Sadly we had a PM at the time who had publically expressed a desire to be America's 'Deputy Sheriff'. At some points it seemed like we were getting our foreign policy off a fax machine from the US. I'm not sure if we had any significant independent intel on Iraq, but anything that ran counter to the US narrative was buried. Shortly before the war began Andrew Wilkie, a senior analyst at the Office of National Assessments - a government body designed to provide analysis for the PM - resigned. Wilkie claims he was the only such person in western intelligence organisations at the time to publically resign before the war (no way to veryify that). He is now an independent MP in the Federal Parliament & is one of a group of four who hold the balance of power in that Parliament. The ONA would have had access to a lot of the intel being supplied to Australia by the US. You might find this contemporary interview interesting.

    AM Archive - Wednesday, 12 March , 2003 08:00:15

    Reporter: Catherine McGrath

    LINDA MOTTRAM: Unable, he says, to sit and watch in silence as Australia drifts towards war with Iraq, Andrew Wilkie, a senior Australian intelligence officer is this morning jobless at his own hand, after his resignation in protest against the Howard Government's position.

    He says he hopes his public comments will help open debate on the proposed war, which, on the basis of his work at the Office of National Assessments, he says could end in a military or humanitarian disaster, pushing Saddam Hussein, he says, towards the terrorist groups which the world now so fears.

    Mr Wilkie also asserts that war is not about the fight against those groups, but rather about US politics.

    Andrew Wilkie's credentials put him firmly in the camp of the establishment. He was a Lieutenant-Colonel in the Australian Army, a Duntroon graduate who spent nearly 20 years in the infantry, before moving to the Office of National Assessments as a civilian, and that underscores the broad community base from which war opposition continues to come.

    So does he expect to be vilified for his stance, a question our Chief Political Correspondent, Catherine McGrath, put to Mr Wilkie in Canberra last night.

    ANDREW WILKIE: ONA's statement to the media yesterday, I think has tried to play down my access to information on the Iraq issue, as I would have expected them to do, and I would expect that sort of management of the issue to continue from within Government.

    CATHERINE MCGRATH: You believe this war is bad policy, why?

    ANDREW WILKIE: In essence, Catherine, I think that invading Iraq at this time would be wrong. For a start, Iraq does not pose a security threat to any other country at this point in time. Its military is very weak, it's a fraction of the size of the military at the time of the invasion of Kuwait. Its weapons of mass destruction program is very disjointed and contained by the regime that's been in place since the last Gulf War. And there is no hard intelligence linking the Iraqi regime to al-Qaeda in any substantial or worrisome way.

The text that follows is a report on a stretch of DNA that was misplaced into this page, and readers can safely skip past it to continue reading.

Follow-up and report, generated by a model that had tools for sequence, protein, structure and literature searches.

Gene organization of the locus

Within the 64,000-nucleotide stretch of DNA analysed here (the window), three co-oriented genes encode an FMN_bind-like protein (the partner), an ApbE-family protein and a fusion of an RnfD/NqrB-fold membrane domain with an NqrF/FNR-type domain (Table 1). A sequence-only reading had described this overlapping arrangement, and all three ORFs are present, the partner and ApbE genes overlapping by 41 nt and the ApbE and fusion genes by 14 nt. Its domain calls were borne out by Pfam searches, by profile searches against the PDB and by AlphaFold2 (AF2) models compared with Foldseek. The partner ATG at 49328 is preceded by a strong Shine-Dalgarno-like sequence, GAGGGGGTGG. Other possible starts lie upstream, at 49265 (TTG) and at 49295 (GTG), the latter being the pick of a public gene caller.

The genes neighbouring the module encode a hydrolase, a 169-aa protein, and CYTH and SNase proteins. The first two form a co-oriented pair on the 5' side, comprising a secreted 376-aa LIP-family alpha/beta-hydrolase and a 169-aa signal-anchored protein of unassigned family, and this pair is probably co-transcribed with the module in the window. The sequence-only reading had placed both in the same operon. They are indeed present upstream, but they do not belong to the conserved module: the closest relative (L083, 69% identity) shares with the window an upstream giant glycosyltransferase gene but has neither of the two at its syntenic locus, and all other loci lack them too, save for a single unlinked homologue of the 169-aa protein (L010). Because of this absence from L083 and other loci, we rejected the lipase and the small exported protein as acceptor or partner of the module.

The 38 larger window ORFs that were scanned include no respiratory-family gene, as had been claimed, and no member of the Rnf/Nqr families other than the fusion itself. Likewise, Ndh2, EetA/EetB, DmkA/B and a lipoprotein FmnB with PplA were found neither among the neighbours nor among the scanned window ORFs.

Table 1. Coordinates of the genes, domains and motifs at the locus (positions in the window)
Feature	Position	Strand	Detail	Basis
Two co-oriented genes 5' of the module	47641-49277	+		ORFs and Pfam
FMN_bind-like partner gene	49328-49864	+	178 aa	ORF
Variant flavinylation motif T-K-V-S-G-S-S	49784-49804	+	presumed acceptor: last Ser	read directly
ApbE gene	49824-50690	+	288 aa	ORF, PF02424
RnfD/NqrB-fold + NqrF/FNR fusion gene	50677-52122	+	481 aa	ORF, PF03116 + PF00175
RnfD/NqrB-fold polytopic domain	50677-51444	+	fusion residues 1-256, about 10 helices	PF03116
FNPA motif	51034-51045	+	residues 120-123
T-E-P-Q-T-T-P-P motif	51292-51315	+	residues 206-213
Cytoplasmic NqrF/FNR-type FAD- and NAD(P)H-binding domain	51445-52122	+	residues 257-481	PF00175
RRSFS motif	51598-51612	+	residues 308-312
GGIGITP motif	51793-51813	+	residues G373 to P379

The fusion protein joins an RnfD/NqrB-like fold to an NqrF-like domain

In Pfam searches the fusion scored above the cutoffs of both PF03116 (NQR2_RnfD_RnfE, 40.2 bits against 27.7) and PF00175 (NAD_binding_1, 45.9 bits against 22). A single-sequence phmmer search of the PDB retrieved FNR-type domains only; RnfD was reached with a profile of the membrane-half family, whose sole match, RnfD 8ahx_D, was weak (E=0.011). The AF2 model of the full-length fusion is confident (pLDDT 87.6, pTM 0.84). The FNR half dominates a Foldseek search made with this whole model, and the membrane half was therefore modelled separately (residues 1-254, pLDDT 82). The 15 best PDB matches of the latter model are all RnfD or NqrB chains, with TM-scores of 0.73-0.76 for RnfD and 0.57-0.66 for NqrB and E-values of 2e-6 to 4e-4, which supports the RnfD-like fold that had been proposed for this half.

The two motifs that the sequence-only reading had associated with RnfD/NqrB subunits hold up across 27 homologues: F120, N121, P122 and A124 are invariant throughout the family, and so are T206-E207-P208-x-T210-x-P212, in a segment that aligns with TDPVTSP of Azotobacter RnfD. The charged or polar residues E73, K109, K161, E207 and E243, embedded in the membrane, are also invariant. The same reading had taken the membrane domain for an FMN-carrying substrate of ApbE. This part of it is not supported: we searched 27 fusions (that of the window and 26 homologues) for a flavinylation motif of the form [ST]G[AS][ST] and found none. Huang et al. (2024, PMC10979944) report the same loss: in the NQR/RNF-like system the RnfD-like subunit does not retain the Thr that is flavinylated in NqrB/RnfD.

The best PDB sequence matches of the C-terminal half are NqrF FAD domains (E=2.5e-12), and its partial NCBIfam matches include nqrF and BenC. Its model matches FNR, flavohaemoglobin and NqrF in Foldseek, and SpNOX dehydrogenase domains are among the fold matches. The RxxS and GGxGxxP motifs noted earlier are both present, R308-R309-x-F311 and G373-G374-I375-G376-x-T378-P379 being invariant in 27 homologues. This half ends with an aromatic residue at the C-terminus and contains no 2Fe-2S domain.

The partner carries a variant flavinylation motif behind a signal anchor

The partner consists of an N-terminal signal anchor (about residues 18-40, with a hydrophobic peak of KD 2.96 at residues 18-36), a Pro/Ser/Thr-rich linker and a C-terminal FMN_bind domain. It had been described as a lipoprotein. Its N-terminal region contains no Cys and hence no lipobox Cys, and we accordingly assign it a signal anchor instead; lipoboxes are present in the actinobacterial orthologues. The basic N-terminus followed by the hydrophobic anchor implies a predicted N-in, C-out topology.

CATHERINE MCGRATH: Now this gets to the key of the problem for the Government with you going public yesterday, because Australia's Prime Minister, John Howard, has emphasised this week, but has emphasised for months and months, the link between terrorism and Iraq, his belief that weapons of mass destruction will pass from Iraq to terrorist groups if Saddam Hussein is not stopped. Now you're saying that is completely untrue?

    ANDREW WILKIE: What I'm saying, Catherine, is that the Iraq problem is unrelated to the war on terror, it's more related to US-Iraq bilateral relations, US domestic politics, the issue of US credibility and so on. It's unrelated to the war on terror and yes, Iraq as rogue state should worry us as a potential source of weapons to terrorists, but there are other ways to manage that risk.

    CATHERINE MCGRATH: So do you believe containment of Saddam Hussein is possible, rather than military action?

    ANDREW WILKIE: Yes. I think there should be more time allowed for a, a better, more developed strategy of containment to see how it goes. I mean, it may well be that we have to go to war against Iraq eventually, but we should be exploring better inspections and so on, before we go to that last resort.

    CATHERINE MCGRATH: In terms of weapons of mass destruction, do you believe that if war goes ahead, it's more likely those weapons will end up in the hands of terrorist groups?

    ANDREW WILKIE: What worries me is that a war, an invasion, is the option that's most likely to prompt Saddam to do exactly what we're trying to prevent. A war is what is most likely to force him to act recklessly, to possibly use weapons of mass destruction himself and to possibly play a terrorism card.

    CATHERINE MCGRATH: If war goes ahead, if next week Australia is at war as part of this military coalition led by the United States, how do you think at the moment things are going to play out?

    ANDREW WILKIE: A war at this time is just not worth the risk. I think there is too great a risk of a military or humanitarian disaster and I think there's a real risk that a war now will further inflame popular anti-western opinion in the Middle East and push Saddam closer towards al-Qaeda, and push us all just that little bit closer to the so-called, clash of civilisations, that we've so far managed to stay well clear of.
    AM Archive - Senior intelligence officer, Andrew Wilkie, resigns in protest